The other protagonists, Grim, Gram, and Gwen, were also the unaltered; they worked as positive influences over Max and Freak. Furthermore, there are also several corresponding themes within the novel and the film. The one most apparent to me is
In The Great Gatsby, he attempted to bring these narrations together to create a style that is both romantic and cultural. Like many stories before his, Fitzgerald uses romanticism to combine two worlds, in this case Gatsby fantasized version of himself and reality. The naturalistic portion can be seen when Gatsby has a power struggle with Tom, and Nick concludes that even when we think we are looking forward, we are often looking backwards. Gatsby models himself on his mentors, which relates to Fitzgerald’s historic narration. Fitzgerald also leaves things vague, including Daisy’s appearance.
Walter Mitty wanted a happy life and not a sad one. It showed what Walter wanted to happen in his future and what he wanted to become. It makes the story more interesting to see it in a movie instead of just reading it and picturing it in your head. I think that a lot of people will think that the movie is better than the book just because it has more to tell about, and it shows more of what is happening. The movie
It is just Anne teasing Peter, but in the movie they are friends early on. In the movie Anne feels like she has to be with Peter more often. She feels safer with Peter in the movie. In conclusion, there are different versions of the Diary of Anne Frank, like plays and movies, and they are not all the same. The different versions, although, also have many similarities.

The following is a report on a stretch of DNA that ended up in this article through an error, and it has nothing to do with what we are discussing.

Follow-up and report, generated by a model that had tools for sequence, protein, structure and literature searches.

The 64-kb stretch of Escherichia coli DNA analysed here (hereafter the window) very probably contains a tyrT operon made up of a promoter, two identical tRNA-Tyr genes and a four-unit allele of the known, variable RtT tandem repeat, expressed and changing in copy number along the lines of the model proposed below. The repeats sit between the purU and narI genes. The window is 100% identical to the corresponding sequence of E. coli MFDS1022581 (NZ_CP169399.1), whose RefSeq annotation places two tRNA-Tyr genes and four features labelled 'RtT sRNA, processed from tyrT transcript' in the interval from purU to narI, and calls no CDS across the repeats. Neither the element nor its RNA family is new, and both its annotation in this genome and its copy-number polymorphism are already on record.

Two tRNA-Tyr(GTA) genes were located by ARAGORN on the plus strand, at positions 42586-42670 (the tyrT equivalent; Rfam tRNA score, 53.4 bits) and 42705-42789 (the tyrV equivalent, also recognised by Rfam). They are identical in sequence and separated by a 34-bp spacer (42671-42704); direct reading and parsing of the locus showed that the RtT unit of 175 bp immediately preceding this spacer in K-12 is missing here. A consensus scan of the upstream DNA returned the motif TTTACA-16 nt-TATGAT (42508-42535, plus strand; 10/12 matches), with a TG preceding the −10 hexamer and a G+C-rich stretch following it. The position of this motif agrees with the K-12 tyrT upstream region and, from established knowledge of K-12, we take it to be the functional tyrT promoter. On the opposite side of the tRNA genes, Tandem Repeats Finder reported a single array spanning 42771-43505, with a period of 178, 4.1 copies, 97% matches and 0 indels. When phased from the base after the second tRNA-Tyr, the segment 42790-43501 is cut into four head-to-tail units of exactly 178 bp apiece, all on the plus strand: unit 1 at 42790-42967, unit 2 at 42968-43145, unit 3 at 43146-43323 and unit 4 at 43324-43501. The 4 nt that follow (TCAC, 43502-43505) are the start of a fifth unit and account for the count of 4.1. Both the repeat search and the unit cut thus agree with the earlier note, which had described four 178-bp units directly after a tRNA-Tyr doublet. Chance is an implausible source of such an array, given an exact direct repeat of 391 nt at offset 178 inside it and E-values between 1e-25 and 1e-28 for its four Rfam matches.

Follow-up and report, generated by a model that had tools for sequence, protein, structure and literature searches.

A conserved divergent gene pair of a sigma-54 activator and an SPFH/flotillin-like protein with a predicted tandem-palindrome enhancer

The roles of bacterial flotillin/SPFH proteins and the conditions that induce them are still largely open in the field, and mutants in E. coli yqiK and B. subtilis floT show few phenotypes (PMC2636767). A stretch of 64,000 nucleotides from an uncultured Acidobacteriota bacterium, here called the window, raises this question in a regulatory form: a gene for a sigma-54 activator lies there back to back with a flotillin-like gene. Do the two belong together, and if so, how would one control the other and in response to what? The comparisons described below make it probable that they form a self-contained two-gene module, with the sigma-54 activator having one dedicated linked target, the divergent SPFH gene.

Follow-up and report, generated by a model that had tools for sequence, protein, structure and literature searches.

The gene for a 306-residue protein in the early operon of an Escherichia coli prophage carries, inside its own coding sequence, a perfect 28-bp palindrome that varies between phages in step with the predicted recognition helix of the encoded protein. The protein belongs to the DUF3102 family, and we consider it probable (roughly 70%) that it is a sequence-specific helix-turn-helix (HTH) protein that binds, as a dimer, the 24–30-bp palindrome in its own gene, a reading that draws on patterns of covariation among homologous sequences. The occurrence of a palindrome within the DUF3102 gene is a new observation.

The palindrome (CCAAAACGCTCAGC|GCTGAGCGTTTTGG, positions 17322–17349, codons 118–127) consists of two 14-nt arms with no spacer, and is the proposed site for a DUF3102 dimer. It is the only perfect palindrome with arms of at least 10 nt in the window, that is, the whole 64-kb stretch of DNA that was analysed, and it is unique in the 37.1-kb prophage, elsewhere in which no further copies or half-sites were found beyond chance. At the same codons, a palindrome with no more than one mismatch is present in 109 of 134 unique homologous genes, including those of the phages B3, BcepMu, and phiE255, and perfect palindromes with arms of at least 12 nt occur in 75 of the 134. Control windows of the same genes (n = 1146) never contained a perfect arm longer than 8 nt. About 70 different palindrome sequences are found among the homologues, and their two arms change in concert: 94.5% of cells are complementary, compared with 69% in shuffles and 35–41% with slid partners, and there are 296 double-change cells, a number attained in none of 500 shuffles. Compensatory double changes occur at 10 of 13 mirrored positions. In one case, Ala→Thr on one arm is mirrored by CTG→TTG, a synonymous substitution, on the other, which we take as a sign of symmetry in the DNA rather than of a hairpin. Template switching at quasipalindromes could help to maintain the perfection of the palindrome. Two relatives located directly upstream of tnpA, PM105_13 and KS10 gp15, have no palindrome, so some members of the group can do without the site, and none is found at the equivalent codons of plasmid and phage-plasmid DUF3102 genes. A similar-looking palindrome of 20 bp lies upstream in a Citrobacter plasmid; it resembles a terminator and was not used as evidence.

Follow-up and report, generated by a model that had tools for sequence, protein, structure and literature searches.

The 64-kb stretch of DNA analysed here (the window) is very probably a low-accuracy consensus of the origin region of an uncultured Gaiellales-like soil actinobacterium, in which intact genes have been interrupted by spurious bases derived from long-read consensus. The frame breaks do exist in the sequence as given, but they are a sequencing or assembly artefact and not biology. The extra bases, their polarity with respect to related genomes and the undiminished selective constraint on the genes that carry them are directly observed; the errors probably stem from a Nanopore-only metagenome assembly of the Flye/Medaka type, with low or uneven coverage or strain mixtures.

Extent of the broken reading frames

The novel ‘Jasper Jones’ written by Craig Silvey and the film ‘Dressmaker’ directed by Jocelyn Moorhouse have connected to the audience and use of narratives conventions in very similar ways. The ways that they have succeed doing this is through characteristics, plot and setting. By looking into how they are used by the author/ director widen the knowledge and have deeper in-depth understanding on how authors and directors use them to connect with the audience. The author and director have used characteristics to connect with the audience by using relatable situations like peer pressure, disliked by people, challenges and traumatic experiences. The characters are very relatable in most scenes like Charlie (novel), plays the game where he must steal 5 or more apricot seeds from Mad Jack’s yard to avoid getting bullied for the year.
His stories are simple and he tends to give away the ending at the beginning of the film, which intrigues you to find out more about what had taken place. For example Romeo and Juliet starts with a news flash on a television screen describing city brawls that have taken place and later in the film there are more fights that occurs. Strictly ballroom starts off with Scott dancing his own steps which is the result of the story and The Great Gatsby starts off with youngish narrator, apprentice bond trader Nick Carraway, in rehab, brought about by the story Luhrmann illustrates throughout the film. All of Baz Luhrmanns films are set in the closed, confined, isolated little worlds. Strictly ballroom is set in the isolated, specialized world of ballroom dancing, and nearly the entire film is shot in either the ballroom or the dance studio.